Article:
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Bad Faith Blog

We cover current issues, highlights and best practices exclusively on claims of bad faith and extra contractual damages.

Bad Faith Blog
April 23, 2019

Pennsylvania Insurer Protected From Unfounded Bad Faith Allegation, Requiring a “Clear Conviction” of Insurer’s Bad Faith

The Western District of Pennsylvania held that an insurer did not act in bad faith but was well within its rights in denying an insured’s claim and voiding his policy.  The insured’s material misrepresentations caused the court to find that no reasonable jury could conclude that the insurer acted in bad faith in denying the claim. Mr. Felix submitted a homeowner’s insurance claim in excess of $1 million after a fire ravaged his home. The insurer assigned the case to a special investigations unit after identifying several “red flags” suggesting fraud. 

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Bad Faith Blog
July 21, 2016

Insured’s Repeated Refusal to Attend a Reasonably Requested IME Defeated His Bad Faith Claim

Summary: The insured filed suit against his insurer for breach of contract and bad faith after repeatedly failing to attend an independent medical examination (“IME”) scheduled by his insurer. On appeal, the Third Circuit held the insured materially breached the insurance contract by failing to appear for the IME. The court further held the insurer had a reasonable basis for the IME and its subsequent denial of the claim. Because there was a reasonable basis for its actions, the insurer did not commit bad faith.

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Bad Faith Blog
August 18, 2014

Montana Supreme Court Rules State Farm Did Not Act in Bad Faith Because it had a Reasonable Basis to Refuse Settlement Offer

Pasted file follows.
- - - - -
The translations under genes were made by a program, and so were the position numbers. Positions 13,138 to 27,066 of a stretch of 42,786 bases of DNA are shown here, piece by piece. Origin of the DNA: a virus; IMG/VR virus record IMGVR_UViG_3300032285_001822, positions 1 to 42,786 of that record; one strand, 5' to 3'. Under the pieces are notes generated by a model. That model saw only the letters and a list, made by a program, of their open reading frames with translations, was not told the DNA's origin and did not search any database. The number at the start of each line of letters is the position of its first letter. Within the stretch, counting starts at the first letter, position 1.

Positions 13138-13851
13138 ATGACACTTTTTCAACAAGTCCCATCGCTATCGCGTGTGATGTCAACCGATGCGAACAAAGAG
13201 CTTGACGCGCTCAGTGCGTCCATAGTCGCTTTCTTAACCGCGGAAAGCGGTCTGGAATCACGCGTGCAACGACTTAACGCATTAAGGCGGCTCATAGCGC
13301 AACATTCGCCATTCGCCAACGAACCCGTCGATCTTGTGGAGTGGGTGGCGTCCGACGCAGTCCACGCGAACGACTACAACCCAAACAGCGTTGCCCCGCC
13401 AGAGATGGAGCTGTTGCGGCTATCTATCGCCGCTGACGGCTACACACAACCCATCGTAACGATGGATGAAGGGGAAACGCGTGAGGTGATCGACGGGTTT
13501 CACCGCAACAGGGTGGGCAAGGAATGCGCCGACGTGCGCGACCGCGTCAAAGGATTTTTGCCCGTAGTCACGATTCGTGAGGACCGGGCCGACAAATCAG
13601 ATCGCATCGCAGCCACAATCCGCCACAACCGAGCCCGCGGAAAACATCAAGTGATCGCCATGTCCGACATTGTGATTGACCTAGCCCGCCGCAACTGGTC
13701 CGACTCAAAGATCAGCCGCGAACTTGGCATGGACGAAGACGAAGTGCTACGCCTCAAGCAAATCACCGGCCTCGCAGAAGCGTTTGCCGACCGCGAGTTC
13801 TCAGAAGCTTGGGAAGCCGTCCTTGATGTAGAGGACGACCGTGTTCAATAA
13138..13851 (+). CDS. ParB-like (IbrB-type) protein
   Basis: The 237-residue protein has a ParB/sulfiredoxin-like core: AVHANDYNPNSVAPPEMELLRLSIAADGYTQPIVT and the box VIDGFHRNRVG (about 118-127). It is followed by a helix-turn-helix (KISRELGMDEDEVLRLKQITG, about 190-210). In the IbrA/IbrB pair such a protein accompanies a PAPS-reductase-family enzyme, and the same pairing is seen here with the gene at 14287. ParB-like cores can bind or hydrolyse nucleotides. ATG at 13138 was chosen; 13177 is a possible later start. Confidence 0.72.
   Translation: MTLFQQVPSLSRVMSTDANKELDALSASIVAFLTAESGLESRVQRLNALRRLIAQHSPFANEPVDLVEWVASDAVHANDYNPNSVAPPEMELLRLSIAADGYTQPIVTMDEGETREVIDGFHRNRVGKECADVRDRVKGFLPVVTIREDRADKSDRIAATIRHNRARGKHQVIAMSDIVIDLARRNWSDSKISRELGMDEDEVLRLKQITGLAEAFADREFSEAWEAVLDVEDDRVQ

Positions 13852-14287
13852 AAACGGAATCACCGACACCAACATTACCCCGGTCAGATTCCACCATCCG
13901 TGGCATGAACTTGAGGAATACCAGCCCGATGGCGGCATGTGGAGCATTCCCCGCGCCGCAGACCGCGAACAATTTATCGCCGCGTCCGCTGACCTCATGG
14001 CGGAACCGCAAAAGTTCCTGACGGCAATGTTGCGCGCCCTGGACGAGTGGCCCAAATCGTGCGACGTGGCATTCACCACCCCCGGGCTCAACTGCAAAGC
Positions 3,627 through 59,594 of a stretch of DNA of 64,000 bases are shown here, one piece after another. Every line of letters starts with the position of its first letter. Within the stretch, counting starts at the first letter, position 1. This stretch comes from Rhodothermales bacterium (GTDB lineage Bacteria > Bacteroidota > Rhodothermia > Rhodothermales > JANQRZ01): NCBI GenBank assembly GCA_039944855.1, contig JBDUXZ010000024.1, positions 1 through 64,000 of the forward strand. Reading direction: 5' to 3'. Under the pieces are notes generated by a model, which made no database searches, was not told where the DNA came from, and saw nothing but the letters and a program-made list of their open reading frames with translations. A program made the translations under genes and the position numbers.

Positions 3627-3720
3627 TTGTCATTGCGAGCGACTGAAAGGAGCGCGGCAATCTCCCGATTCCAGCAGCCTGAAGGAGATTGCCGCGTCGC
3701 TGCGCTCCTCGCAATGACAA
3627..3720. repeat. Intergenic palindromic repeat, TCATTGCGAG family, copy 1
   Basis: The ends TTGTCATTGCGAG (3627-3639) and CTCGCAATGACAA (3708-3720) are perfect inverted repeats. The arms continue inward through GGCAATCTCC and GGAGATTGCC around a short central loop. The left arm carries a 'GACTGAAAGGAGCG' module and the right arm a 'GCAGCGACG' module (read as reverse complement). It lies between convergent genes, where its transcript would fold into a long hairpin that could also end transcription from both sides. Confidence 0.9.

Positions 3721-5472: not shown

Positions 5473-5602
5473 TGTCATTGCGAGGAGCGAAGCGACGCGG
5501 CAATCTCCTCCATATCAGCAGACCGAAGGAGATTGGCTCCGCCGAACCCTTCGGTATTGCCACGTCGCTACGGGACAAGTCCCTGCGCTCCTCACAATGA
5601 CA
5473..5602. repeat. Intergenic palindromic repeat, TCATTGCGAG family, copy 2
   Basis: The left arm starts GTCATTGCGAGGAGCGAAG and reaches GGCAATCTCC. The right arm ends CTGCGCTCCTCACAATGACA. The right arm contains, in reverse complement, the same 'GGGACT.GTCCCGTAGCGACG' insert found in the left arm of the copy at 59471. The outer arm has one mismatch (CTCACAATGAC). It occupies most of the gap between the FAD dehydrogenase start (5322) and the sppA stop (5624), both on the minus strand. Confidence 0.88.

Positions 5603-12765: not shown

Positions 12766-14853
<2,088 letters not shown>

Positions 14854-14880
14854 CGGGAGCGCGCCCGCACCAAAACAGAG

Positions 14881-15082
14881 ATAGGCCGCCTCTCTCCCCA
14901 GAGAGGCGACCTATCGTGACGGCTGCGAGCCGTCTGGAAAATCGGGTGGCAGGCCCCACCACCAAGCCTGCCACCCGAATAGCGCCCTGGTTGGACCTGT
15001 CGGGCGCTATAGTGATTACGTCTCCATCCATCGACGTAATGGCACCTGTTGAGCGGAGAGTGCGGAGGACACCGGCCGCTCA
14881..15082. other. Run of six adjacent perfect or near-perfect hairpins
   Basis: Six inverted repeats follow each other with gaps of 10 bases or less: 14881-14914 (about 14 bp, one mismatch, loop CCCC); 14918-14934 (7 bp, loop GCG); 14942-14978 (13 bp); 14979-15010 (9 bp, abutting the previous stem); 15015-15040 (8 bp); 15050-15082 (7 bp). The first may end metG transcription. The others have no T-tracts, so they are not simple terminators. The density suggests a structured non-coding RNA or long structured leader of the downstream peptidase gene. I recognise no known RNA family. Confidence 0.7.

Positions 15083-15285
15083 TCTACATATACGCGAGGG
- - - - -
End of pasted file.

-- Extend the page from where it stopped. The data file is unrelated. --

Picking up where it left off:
Summary: Automobile insurer filed suit seeking declaratory judgment that “Limits of Liability” for “Each Person” limited coverage on derivative claims brought by passenger’s daughter for passenger’s death as a result of a car accident caused by insured’s negligence to $50,000 limit that had already been paid to passenger’s estate. The insured and personal representative of passenger’s estate, who was also acting as a conservator for the daughter, filed a counterclaim for breach of policy and bad faith.The District Court ruled that the insurer had correctly interpreted “Each Person” limit of liability. However, the Montana Supreme Court reversed and remanded (Freyer I). On remand, the insured and personal representative/conservator amended the counterclaim adding a claim for violation of the Unfair Trade Practices Act (UTPA) and sought enforcement against insurer of a stipulated judgment of $2.7 million in the suit brought by personal representative/conservator against insured for wrongful death. The District Court entered summary judgment in insurer’s favor on all claims. However, the Supreme Court held that the insurer’s reliance on precedent at time of claim was not an affirmative defense to a claim for policy breach, but the stipulated judgment between the insured and the personal representative/conservator was not an appropriate measure of consequential damages to passenger’s daughter for insurer’s breach of duty to indemnify. Moreover, insurer did not act in bad faith or breach its duty of good faith and fair dealing by refusing the settlement offer on daughter’s claims. Further, insurer did not misrepresent the scope of coverage on daughter’s claim under the provision for “Each Person” Limit of Liability under the UTPA. (Freyer II)

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